making do, kitchen edition

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Let’s talk about those days when you don’t have time to hunt down recipes, shop for and prep amazing ingredients, and spend an hour putting a meal on the table. In other words, most of our lives nearly all the … Continue reading

avocado cookie

Anyone out there reading culinary mysteries? I’ve always loved a good book, and when I learned there is an entire genre devoted to food fiction there was no stopping me. I go so far as to keep a spreadsheet (oh, the geekiness) of the 21 or so series I follow, complete with columns for author, website, and series titles.

A decade or so back, our local library hosted a mystery book club. When I saw they were featuring a food mystery I’d recently read, I signed on for the meeting. These mystery fiction buffs tore my little culinary crime to pieces. Weak plot, they said. Too many loose ends. One-dimensional characters. All the while I was thinking, “but it has recipes!”

It’s absolutely all about the food for me. Some series are better written than others, but they’ve all been fun, solid reads. The stories are light and entertaining. There’s little violence and no gore. The prose is usually rich with food-related descriptions (butter lemon sky, coconut-white snow). And the heroines (so far, all but one protagonist has been female), whether cookie baker, donut maker, coffee shop owner, tea shop lady, television cooking star, caterer, or chocolatier always saves the day. And yes, the recipes: Most series feature recipes throughout or a handful at the end. I’ll often copy and try anything that looks unusual or amazing. The following, from Joann Fluke’s fun-to-read Cinnamon Roll Murder, qualifies as both.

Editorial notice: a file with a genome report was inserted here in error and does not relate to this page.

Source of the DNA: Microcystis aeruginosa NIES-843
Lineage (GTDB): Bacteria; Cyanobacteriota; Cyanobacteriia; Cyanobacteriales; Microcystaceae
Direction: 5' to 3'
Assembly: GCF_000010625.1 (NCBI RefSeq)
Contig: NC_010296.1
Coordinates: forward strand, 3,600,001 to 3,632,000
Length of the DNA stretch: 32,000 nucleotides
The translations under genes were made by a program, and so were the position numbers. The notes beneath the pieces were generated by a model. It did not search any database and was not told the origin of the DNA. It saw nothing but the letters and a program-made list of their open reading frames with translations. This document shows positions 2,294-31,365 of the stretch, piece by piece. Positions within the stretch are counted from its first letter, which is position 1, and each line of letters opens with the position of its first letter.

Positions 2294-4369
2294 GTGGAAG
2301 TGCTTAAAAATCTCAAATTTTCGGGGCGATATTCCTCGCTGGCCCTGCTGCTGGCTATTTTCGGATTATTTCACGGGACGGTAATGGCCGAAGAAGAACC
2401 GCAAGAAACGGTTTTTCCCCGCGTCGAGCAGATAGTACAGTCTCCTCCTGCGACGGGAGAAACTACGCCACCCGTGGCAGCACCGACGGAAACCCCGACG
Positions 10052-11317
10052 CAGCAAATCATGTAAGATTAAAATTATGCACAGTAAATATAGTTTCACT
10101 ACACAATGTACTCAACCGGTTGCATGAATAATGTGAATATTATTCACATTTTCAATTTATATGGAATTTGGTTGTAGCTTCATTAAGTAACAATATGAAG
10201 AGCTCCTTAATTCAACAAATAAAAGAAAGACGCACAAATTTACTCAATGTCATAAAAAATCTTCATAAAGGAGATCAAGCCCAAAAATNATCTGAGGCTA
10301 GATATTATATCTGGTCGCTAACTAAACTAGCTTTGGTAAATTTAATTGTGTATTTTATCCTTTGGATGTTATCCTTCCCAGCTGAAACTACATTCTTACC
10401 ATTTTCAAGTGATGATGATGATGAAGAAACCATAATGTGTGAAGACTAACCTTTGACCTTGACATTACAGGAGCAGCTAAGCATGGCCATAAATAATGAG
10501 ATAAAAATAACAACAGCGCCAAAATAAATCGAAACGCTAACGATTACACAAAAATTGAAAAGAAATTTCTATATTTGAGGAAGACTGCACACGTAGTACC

chocolate AVOCADO cookies–who knew?

Sinco de Cocoa Cookies

A few tweaks, but mostly taken straight from Cinnamon Roll Murder. Fluke explains her play on the word “cinco” (five main ingredients–butter, flour, eggs, sugar, avocado) as these cookies being “sin”fully delicious. They are excellent–rich, deep, and dark. Avocado seems a strange addition, though it contributes to the cookies’ richness for sure. Make ’em, serve ’em, and surprise your friends and family.

  • 1/2 cup butter
  • 3 (1-ounce) squares unsweetened baking chocolate (I used a baking chocolate substitution: 3 tablespoons baking cocoa and 1 tablespoon oil for each ounce chocolate for a total of 9 tablespoons cocoa and 3 tablespoons oil)
  • 1 cup packed brown sugar
  • 3/4 cup granulated sugar
  • 2 large eggs
  • 1 teaspoon vanilla extract
  • 1/2 cup very ripe avocado (about 1 large)
  • 3 cups all-purpose flour
  • 1 teaspoon baking powder
  • 1/2 teaspoon salt
  • 1 cup chocolate chips
  • Coarse salt

Heat oven to 350°F. Grease baking sheets.

In saucepan, gently melt butter and chocolate. Set aside to cool.

In large bowl, combine sugars. Beat in eggs and vanilla until blended. Stir in cooled chocolate mixture. Blend in avocado. In separate bowl, whisk together flour, baking powder and 1/2 teaspoon salt. Stir flour mixture and chocolate chips into batter just until combined.

Drop dough by rounded spoonfuls onto baking sheets. Flatten slightly with clean hand or back of spatula. Sprinkle very lightly with coarse salt. Bake 13 to 15 minutes or just until set. As with brownies, take care not to overbake or cookies will be dry. Cool on wire racks. Makes about 5 dozen.